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Cell Phones to Provide Picture of Human Interaction

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teens with cellphone

"The statistical methods we're developing should help tailor theories so that they more accurately describe individuals and their own unique idiosyncrasies," says Nilam Ram, assistant professor of human development and family studies at Penn State, and pr


Pennsylvania State University (PSU) researchers are studying how emotions, physical health, and personal interactions affect individuals and those they interact with over the course of the day using real-time reports of interpersonal interactions. Study participants will submit data after every significant interaction lasting five minutes or longer over the course of three weeks. Participants submit the data on smartphones with touch-screen displays and applications that provide questions on the spot, enabling participants to reflect on their interactions immediately. The study should provide a more accurate and detailed "moving picture" of people's lives, says PSU professor Nilam Ram.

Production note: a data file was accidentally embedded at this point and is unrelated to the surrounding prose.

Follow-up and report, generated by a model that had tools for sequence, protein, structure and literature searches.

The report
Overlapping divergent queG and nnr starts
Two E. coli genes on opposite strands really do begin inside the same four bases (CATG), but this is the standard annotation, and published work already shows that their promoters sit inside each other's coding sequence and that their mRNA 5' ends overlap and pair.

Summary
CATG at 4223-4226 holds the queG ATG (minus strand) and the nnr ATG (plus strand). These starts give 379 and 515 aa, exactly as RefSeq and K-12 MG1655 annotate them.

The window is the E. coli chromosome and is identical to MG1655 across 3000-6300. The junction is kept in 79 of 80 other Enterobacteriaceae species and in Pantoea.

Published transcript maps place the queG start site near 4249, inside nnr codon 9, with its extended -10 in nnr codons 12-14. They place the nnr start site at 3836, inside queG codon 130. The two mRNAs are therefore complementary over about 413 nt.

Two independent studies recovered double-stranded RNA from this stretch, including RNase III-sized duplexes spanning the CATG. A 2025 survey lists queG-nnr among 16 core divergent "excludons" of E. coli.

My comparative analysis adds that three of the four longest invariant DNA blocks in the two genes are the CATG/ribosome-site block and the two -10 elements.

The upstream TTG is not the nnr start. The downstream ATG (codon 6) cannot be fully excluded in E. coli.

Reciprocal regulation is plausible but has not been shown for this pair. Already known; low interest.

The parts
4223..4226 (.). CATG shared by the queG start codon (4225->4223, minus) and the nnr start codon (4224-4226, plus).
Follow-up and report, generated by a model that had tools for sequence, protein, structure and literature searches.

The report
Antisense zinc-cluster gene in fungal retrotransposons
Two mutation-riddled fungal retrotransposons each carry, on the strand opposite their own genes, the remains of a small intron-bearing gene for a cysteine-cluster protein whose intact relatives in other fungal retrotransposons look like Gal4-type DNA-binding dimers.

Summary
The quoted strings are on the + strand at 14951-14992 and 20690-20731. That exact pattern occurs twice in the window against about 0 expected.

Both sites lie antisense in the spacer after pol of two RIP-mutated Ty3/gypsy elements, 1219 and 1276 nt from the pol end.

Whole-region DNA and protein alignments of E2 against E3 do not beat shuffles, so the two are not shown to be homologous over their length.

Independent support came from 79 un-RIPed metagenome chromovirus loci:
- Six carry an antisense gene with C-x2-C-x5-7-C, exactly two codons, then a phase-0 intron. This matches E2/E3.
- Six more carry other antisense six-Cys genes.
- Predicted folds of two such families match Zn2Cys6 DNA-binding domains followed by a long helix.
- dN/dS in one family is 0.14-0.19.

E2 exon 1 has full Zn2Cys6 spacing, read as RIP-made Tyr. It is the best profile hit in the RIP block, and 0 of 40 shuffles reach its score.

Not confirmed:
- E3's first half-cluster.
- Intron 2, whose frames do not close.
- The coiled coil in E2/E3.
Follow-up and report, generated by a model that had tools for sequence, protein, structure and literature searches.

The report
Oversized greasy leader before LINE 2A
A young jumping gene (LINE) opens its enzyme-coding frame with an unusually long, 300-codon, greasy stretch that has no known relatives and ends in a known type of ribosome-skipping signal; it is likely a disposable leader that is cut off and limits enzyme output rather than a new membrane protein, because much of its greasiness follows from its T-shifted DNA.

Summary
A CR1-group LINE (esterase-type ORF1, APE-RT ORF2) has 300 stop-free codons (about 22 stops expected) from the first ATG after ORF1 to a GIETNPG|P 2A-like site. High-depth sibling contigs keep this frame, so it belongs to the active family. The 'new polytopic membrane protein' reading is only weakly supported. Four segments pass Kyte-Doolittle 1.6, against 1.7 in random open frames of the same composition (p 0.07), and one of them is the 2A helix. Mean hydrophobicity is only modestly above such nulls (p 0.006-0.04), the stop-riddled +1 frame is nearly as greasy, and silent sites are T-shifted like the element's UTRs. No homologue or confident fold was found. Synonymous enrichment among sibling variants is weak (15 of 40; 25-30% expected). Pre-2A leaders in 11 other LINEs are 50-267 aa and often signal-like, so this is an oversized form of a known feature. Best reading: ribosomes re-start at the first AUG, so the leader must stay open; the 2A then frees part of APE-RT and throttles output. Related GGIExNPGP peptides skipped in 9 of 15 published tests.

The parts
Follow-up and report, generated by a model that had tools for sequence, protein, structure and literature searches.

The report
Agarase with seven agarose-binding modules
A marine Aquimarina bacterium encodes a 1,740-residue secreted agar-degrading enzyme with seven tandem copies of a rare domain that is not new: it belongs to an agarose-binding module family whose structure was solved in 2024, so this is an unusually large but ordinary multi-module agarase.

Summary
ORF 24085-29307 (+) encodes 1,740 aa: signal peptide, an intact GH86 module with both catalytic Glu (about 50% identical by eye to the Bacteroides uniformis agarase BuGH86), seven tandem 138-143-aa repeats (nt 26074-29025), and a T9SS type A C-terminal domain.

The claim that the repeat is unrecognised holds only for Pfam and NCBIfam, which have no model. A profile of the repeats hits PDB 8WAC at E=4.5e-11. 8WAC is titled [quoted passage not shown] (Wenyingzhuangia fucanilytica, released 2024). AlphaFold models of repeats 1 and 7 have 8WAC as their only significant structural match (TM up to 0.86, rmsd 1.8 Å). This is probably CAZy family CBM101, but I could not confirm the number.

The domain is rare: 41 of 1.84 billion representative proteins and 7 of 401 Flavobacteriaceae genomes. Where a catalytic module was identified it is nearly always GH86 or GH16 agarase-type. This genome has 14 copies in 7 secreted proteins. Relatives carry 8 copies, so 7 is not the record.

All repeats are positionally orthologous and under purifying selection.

Participants report on their perceived health status, including general, cardiovascular, and gastrointestinal health; emotions they feel as a result of their interactions; and interpersonal behavior. Ram says the study could be used to help refine prevention programs, such as those used to help overcome addictions.

"If we can see patterns in an individual's behavior — for instance, if a person automatically goes for a drink when something stresses them out — we might be able to tailor messages to his or her specific pattern and head them off or at least shift them onto a path that will promote more positive, healthy growth," Ram says.

From Penn State Live
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